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ECONOMY > Labor

MHLW’s list of “black companies” tip of iceberg

  • May 24, 2017
  • , Tokyo Shimbun , p. 24
  • JMH Translation

The Ministry of Health, Labor and Welfare (MHLW) for the first time made public a list of “black companies” that have been referred to the public prosecutors office for violation of laws and regulations related to the labor standards. Experts, however, view the list as the “tip of the iceberg” and call for expanding the list of problematic companies.

 

The ministry posted the list on its homepage on May 10 as part of efforts by the Headquarters for the Reduction of Long Working Hours.

 

The headquarters has held a meeting once a year on average since the first meeting in October 2014. In December last year, when public attention was being paid to the case of the suicide from overwork of a 24-year-old woman, a new hire at leading advertisement company Dentsu, the headquarters put together “emergency measures for reducing karoshi [death from overwork],” which included making and releasing the list of black companies.

 

According to the MHLW, on the list are 334 companies that have been referred to public prosecutors offices after October last year for violation of the Labor Standard Act, Industrial Safety and Health Act, and Minimum Wage Act. The list includes such information as regional labor bureaus that supervise the listed companies, companies’ addresses, laws violated, and details of violation.

 

The list released 11 cases under the jurisdiction of the Tokyo Labor Bureau, 28 under the Aichi Labor Bureau, 20 under the Osaka Labor Bureau and 19 under the Fukuoka Labor Bureau. Many cases are related to insufficient safety measures at construction sites by small- and medium-sized companies. The list includes some well-known companies, among them, Dentsu, a divisional company of Panasonic, Japan Post, and Morinaga Milk.

 

The ministry will update the list every month, adding fresh violations that have newly been referred to public prosecutors office while deleting old companies from the list after one year. “Hopefully, the list will motivate the companies to comply with the goal of zero karoshi cases,” said an MHLW official.

 

“Most Evil Corporation of the Year” Award is a well-known non-governmental program in which a committee comprising specialists in labor issues nominates black companies every year. The committee selects companies whose illegal nature has been objectively proved through civil trials or cases involving work-related injury or illness recognized by the Labor Standard Inspection Office. The committee members say the MHLW has too few criteria for putting a company on the list.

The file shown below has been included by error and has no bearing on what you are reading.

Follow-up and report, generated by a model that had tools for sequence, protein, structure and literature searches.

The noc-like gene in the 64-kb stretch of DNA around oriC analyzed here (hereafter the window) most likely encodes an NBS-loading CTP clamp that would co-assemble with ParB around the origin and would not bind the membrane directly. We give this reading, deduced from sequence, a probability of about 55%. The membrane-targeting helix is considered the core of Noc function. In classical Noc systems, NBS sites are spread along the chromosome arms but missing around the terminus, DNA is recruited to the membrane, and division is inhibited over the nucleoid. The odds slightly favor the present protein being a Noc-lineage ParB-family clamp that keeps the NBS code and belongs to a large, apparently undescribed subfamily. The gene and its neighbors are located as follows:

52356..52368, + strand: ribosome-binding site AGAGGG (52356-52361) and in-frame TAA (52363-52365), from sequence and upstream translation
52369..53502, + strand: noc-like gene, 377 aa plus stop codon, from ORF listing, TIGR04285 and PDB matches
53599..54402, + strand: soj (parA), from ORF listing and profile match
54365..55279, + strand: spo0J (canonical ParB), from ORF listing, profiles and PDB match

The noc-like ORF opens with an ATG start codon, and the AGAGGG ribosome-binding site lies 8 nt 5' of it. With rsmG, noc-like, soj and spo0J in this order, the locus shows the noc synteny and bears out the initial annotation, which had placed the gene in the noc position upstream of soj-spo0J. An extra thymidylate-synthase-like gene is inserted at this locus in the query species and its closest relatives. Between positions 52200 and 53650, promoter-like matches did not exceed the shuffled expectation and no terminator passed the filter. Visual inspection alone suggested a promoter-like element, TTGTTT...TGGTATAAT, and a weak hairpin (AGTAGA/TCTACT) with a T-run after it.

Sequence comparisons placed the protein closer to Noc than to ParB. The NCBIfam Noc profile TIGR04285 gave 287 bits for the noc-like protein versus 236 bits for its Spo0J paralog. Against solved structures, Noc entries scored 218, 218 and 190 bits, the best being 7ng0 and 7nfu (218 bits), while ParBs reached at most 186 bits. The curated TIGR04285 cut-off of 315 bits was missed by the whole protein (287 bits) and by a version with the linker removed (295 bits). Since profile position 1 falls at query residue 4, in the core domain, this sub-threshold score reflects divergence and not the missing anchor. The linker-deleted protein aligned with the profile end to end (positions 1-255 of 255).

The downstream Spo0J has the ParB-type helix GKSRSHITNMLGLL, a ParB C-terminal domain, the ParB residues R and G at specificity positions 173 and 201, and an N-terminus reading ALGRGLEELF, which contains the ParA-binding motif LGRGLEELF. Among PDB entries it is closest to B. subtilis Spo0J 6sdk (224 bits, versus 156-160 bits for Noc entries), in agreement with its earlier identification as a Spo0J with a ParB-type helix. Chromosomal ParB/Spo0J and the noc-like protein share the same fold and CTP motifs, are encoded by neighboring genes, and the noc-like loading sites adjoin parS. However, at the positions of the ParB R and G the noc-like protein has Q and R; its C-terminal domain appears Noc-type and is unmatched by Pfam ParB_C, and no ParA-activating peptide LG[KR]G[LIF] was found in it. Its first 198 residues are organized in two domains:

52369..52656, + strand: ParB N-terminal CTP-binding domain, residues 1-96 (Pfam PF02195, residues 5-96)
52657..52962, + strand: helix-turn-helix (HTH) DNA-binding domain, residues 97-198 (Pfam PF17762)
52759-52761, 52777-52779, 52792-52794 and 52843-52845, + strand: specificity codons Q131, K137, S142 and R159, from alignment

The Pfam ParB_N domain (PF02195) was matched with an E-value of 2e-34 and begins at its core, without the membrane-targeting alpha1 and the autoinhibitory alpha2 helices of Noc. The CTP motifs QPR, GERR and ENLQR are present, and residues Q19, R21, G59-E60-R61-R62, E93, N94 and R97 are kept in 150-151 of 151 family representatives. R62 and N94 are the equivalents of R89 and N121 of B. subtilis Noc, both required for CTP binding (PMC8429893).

“Most companies nominated for “Most Evil Corporation of the Year” are not on MHLW’s list,” said one of the committee members. “The people have an image of a black company as one that doesn’t pay overtime and causes karoshi from long working hours, but they are rarely referred to public prosecutors as criminal cases.”

 

Most actions taken by the MHLW to correct long working hours are instances of administrative guidance such as notification of a need for improvement. “Many companies receive an MHLW notification but the ministry does not put them on the list,” said the committee member. “The list neither helps improve conditions in which young workers are exploited nor functions as an effective tool for correcting problems.”

 

“Companies referred to the public prosecutors office for not paying wages or making employees work long hours are those not following the MHLW’s repeated administrative guidance,” said lawyer Ryo Sasaki. “Although putting such companies on the list may put pressure on them, the MHLW puts only a portion of violating companies on the list. It is only the tip of the iceberg.”

 

“The MHLW puts extremely malicious companies on the list only to demonstrate that it’s taking a new measure,” pointed out Professor Mieko Takenobu at Wako University. “In order to make the list more meaningful for young workers, I suggest the ministry make public black companies that have received administrative guidance at least three times by taking advantage of information only available to the ministry and labor standard inspection offices,”(Abridged)

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